Yep, pound for pound, a cat is much more dangerous than a dog. My 15lb cat has accidentally left deep cuts on my arm with his claws that made me shudder to think about what he could have done if he had meant to harm me. Bare-handed, I have fended off a chocolate lab that wanted to tear my throat out, I would surely have been dinner if it were a 100lb cat. A 15 lb dog usually has jaws barely strong enough to break the skin. The cat can also kill with its claws without exposing itself too terribly to injury, while the dog has to get in close with its jaws. Not a problem for a large dog vs. a housecat, but a pack of hyenas ( I know, not a dog, it actually has stronger jaws than most dogs, and weighs more than most of them) willl generally leave a lion alone, unless it is injured, out of self preservation. Housecats also seem to understand particularly nasty ways of fighting, like going straight for the eyes. My girlfriend’s roomate had a declawed cat that would demonstrate this every time it was bothered by her lasa apsa.

Since I do not have any estimates on the total weight of felines vs. the total weight of canines, I could not tell ya for sure who would win. Given that we can get each group to work as a team, the dogs might win out of sheer numbers, but it would be a pyrric victory.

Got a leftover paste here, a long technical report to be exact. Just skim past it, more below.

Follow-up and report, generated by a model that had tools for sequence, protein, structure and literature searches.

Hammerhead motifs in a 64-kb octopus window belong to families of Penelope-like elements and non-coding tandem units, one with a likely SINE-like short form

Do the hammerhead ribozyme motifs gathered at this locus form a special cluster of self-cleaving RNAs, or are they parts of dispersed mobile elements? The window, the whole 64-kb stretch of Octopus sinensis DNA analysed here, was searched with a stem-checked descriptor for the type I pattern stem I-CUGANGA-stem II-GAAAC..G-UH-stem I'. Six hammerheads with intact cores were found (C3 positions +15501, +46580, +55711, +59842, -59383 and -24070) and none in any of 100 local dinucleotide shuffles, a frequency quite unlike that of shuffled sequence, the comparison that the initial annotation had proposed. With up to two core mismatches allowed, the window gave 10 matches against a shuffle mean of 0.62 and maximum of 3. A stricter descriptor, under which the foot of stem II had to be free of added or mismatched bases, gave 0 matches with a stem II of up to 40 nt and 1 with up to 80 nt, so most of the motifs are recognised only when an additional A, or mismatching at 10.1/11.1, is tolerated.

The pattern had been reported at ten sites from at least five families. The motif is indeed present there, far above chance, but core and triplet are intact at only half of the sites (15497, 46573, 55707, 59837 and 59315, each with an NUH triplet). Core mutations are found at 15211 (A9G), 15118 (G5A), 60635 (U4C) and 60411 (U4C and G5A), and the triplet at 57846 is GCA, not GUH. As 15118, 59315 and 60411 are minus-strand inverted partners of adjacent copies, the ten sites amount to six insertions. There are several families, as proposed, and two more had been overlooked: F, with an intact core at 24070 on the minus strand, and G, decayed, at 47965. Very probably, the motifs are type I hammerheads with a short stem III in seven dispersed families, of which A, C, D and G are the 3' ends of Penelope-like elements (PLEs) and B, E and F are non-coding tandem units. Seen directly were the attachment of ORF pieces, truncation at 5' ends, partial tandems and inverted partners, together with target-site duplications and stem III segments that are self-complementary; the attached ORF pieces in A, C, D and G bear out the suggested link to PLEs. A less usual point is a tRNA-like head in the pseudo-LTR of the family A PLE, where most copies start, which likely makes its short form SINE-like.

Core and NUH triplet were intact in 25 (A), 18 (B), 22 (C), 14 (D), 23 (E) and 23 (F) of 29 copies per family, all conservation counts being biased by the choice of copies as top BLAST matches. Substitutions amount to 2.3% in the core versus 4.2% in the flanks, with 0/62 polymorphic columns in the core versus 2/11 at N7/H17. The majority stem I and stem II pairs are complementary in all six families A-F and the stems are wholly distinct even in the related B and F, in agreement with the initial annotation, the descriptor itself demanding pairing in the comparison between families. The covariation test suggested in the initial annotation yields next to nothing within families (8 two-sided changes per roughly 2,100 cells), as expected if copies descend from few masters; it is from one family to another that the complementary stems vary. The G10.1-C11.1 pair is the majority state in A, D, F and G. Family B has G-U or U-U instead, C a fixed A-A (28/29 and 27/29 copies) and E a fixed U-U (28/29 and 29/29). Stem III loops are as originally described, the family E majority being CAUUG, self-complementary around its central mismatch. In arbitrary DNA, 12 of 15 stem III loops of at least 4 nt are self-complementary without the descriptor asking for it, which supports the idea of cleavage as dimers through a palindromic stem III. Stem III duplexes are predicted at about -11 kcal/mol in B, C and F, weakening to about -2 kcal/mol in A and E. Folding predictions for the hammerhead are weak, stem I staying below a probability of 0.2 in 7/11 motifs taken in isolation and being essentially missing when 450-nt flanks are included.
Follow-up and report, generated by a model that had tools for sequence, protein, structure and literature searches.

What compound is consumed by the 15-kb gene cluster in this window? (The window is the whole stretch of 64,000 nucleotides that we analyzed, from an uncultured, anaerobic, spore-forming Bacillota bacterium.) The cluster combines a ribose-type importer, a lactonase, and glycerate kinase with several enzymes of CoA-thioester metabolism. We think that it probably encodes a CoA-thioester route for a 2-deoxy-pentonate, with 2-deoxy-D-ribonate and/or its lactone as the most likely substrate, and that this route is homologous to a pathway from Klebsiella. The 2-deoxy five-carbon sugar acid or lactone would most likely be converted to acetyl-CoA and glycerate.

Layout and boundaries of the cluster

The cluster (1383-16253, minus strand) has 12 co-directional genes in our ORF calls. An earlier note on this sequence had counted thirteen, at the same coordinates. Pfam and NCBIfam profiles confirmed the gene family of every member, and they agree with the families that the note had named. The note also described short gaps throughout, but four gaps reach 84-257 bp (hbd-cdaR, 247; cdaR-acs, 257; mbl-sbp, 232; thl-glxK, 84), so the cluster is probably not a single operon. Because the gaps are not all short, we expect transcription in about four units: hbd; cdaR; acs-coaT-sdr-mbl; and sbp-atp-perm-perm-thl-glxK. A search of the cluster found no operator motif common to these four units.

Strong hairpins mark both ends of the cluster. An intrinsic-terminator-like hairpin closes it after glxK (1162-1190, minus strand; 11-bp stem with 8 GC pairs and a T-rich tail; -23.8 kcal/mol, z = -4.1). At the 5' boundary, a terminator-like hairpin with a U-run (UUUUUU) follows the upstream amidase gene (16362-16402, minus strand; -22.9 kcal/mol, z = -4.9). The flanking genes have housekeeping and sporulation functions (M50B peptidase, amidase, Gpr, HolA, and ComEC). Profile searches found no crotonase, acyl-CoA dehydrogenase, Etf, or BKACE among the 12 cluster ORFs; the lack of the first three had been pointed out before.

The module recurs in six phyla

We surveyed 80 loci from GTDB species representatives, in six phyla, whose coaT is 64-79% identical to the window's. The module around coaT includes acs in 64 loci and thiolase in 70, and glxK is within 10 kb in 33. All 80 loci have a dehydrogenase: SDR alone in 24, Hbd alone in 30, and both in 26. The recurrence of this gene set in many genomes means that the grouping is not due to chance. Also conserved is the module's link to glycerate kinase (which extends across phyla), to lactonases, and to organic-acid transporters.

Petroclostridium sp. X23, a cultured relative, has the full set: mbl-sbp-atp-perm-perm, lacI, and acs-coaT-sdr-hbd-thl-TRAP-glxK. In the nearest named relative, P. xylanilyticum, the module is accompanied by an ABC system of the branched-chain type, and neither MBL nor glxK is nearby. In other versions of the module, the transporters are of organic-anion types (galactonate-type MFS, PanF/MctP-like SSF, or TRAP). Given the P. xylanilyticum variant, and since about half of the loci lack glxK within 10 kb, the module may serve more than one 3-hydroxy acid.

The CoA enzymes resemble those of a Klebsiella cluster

Dogs are pack animals and therefore depend on those tactics to “win”. They have endurance and group coordination.

Cats are usually more dangerous like scabpicker put it… and lone hunters with a few exceptions. Cats win.

I’m too tired to hunt down a Cite but I have read that the Hyena is a species distinct from the dog family, as is the African “Wild Dog”, despite its name.

The hyena, despite lacking sex appeal, and the lion are both rated as the top predators in Africa, although there is some dispute as to which is the more succesful.

An older geek at that. :smiley:


The Aardwolf, despite the name, is not a canid. It’s a species of hyena that specializes on termites. Hyenas are in their own family and despite superficial appearances are probably more closely related to felids and viverrids than canids.